Tag Archives: Stanford Law School

U.S. Court of Appeals for the Armed Forces Case Hearing at Stanford Law School on April 7, 2011

On Thursday, April 7 at 4:00 pm, the U.S. Court of Appeals for the Armed Forces will be hearing oral arguments in the case of United States v. Lusk (Docket No. 11-0166/AF). The proceedings will take place in Stanford Law School (SLS) Classroom 290 and members of the SLS/Stanford community are invited to attend.

The U.S. Court of Appeals for the Armed Forces is the highest court within the military justice system. The Court is composed of five civilian judges appointed for 15-year terms by the President with the advice and consent of the Senate. It exercises worldwide appellate jurisdiction over members of the armed forces on active duty and other persons subject to the Uniform Code of Military Justice. Decisions by the Court are subject to direct review by the U.S. Supreme Court.

United States v. Lusk is an Air Force case involving several issues on the admissibility of laboratory reports confirming the defendant’s drug use under the Supreme Court case of Melendez-Diaz.

Greg Young, an SLS 3L and U.S. Naval Academy graduate, has submitted an amicus curiae brief to the Court and will be given 10 minutes of oral argument time.

Briefs are posted below:

Director’s Corner: From the Desk of Law Library Director Paul Lomio ~ What’s Next? Lots!

In one of my favorite TV shows, West Wing, the president of the United States would say “What’s next?” when it was time to move along to the next topic on the agenda.  What makes me think of this is the debut of Westlaw’s new and very intriguing product, WestlawNext.
WestlawNext, years in the making, is designed to make Westlaw searching more “Google-like.”  Stanford Law School is one of the very first law schools to adopt WestlawNext, so please give it a try.   The 42 students in our advanced legal research class had a sneak peek last spring with great enthusiasm (and it’s one reason why we are an early adopter).
Of course whenever one of the big computer assisted legal research giants does something innovative, the other is quick to follow.
I highly recommend that you all download the new application LexisNexis has for its Lexis for Microsoft Office tool  (at the time of this writing, it was only available for Windows machines, but software for Apple computers is coming soon).
Lexis for Microsoft Office allows you to do many things with great simplicity, such as providing direct links to full text of cases, statutes, regulations cited in any Word document — without having to deal with any search retrieval steps, just click on the link!  Lexis for Microsoft Office has many other very useful features, so I encourage you to not only download the application but also attend training sessions that our Lexis representative Jessica Bride will be conducting this fall.  For more information please visit www.lexisnexis.com/lawschool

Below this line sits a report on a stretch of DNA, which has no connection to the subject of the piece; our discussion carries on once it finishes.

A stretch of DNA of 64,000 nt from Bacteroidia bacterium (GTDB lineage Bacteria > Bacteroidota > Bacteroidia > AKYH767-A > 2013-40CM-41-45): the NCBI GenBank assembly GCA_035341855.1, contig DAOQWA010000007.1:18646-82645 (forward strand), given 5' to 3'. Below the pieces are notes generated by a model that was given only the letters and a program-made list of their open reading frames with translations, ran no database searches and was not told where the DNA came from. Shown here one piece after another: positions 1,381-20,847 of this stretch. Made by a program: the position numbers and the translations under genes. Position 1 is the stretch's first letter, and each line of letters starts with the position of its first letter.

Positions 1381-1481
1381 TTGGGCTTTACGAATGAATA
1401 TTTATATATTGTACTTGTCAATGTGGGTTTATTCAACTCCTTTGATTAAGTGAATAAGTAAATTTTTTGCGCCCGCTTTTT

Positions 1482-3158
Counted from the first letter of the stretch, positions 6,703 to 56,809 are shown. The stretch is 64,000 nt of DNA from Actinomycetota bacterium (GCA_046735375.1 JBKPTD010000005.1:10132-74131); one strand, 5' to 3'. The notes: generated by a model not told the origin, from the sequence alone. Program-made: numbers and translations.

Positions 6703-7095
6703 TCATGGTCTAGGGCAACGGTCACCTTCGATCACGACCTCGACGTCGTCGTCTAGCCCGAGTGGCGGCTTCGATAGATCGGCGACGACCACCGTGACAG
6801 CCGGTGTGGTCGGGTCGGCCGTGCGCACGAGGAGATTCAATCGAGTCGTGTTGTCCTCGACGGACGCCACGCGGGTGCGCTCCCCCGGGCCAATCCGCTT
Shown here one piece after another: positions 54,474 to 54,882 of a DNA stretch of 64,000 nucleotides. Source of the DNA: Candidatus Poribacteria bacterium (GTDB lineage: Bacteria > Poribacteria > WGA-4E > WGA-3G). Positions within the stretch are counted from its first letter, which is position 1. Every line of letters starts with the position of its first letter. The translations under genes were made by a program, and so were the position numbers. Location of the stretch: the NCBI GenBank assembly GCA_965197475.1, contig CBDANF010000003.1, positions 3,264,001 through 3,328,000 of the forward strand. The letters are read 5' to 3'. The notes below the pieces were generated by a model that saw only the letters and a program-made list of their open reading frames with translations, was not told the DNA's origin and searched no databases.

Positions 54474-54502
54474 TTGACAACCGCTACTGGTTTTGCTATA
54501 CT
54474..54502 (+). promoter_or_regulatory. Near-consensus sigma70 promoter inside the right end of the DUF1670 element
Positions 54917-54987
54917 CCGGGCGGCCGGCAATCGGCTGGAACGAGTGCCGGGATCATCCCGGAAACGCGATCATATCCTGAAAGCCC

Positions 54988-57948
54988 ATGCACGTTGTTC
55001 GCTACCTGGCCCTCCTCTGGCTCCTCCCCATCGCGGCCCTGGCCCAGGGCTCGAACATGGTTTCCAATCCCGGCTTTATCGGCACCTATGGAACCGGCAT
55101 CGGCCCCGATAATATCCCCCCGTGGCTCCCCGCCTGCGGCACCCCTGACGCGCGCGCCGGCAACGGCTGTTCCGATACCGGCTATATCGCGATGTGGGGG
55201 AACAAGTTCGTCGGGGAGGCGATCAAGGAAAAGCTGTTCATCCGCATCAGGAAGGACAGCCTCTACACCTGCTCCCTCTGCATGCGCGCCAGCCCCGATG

Jessica’s contact info is: 415-601-9204; Jessica.Bride@lexisnexis.com.

In one of my favorite TV shows, West Wing, the president of the United States would say “What’s next?” when it was time to move along to the next topic on the agenda.  What makes me think of this is the debut of Westlaw’s new and very intriguing product, WestlawNext.

WestlawNext, years in the making, is designed to make Westlaw searching more “Google-like.”  Stanford Law School is one of the very first law schools to adopt WestlawNext, so please give it a try.   The 42 students in our advanced legal research class had a sneak peek last spring with great enthusiasm (and it’s one reason why we are an early adopter).

Of course whenever one of the big computer assisted legal research giants does something innovative, the other is quick to follow.

I highly recommend that you all download the new application LexisNexis has for its Lexis for Microsoft Office tool  (at the time of this writing, it was only available for Windows/PC machines, but software for Apple computers is coming soon).

Lexis for Microsoft Office allows you to do many things with great simplicity, such as providing direct links to full text of cases, statutes, regulations cited in any Microsoft Word document — without having to deal with any search retrieval steps, just click on the link!  Lexis for Microsoft Office has many other very useful features, so I encourage you to not only download the application but also attend training sessions that our Lexis representative Jessica Bride will be conducting this fall.  For more information please visit here.

Jessica’s contact info is: 415-601-9204; Jessica.Bride@lexisnexis.com.